Friday, March 29, 2013

CD Review: John Brown's Body's 'Kings And Queens'

John Brown's Body
Kings And Queens
Easy Star Records

Vocalist, Elliot Martin, leads the charge with reggae-focused tunes that are inspired by British reggae, roots music, dub and bass, and electronic music. The Brooklyn-based group releases a new album from one of the leading reggae labels in the world, Easy Star Records. There is a strong horn and brass presence, with bass, keyboards, and programming. The reggae beats are classic and memorable. There are elements of rock, alternative, and trance music, too. Even though many people know what reggae music is, John Brown's Body attempts to reinvent the genre with wonderful results. There are twelve tracks in all. Fans of reggae will love Kings And Queens. ~ Matthew Forss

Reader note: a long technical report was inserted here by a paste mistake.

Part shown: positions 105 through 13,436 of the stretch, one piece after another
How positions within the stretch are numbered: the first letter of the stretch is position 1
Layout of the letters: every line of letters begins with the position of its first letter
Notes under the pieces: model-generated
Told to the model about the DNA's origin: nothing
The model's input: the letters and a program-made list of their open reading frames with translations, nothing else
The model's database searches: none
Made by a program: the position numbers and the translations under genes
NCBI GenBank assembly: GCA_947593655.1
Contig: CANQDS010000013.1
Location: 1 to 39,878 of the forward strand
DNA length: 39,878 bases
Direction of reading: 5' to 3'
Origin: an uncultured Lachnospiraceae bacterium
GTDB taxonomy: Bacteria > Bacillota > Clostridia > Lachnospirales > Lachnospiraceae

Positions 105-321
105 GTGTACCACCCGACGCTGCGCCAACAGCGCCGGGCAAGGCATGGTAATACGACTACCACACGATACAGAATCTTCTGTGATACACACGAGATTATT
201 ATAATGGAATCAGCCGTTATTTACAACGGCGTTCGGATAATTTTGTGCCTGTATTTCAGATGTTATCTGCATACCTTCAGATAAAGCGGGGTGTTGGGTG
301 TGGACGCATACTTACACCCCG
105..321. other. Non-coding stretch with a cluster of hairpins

CD Review: ArHai's 'Eastern Roads'

Eastern Roads
Balkanworlds Records

ArHai began with Jovana Backovic, a vocalist, keyboardist, and programmer from Serbia. Her bandmate, Adrian Lever, is a tambura player, guitarist, pianist, and double bass player on the album. The duo enlist the help of additional instrumentalists, including tabla, percussion, electric bass, and vocals. The music is folktronic with a good amount of world fusion ranging from South Asian to Scandinavian influences, but Middle Eastern and Mediterranean regions are not too distant either. The background vocals on some tracks are reminiscent of Enigma-type tracks. However, this is not a dance album. Still, there are some 'danceable' tracks that are very moving. If contemporary folk music is what you are after, then ArHai serves it up deliciously. ~ Matthew Forss

CD Review: Chicha Libre's 'Cuatro Tigres'

Chicha Libre
Cuatro Tigres
Barbes Records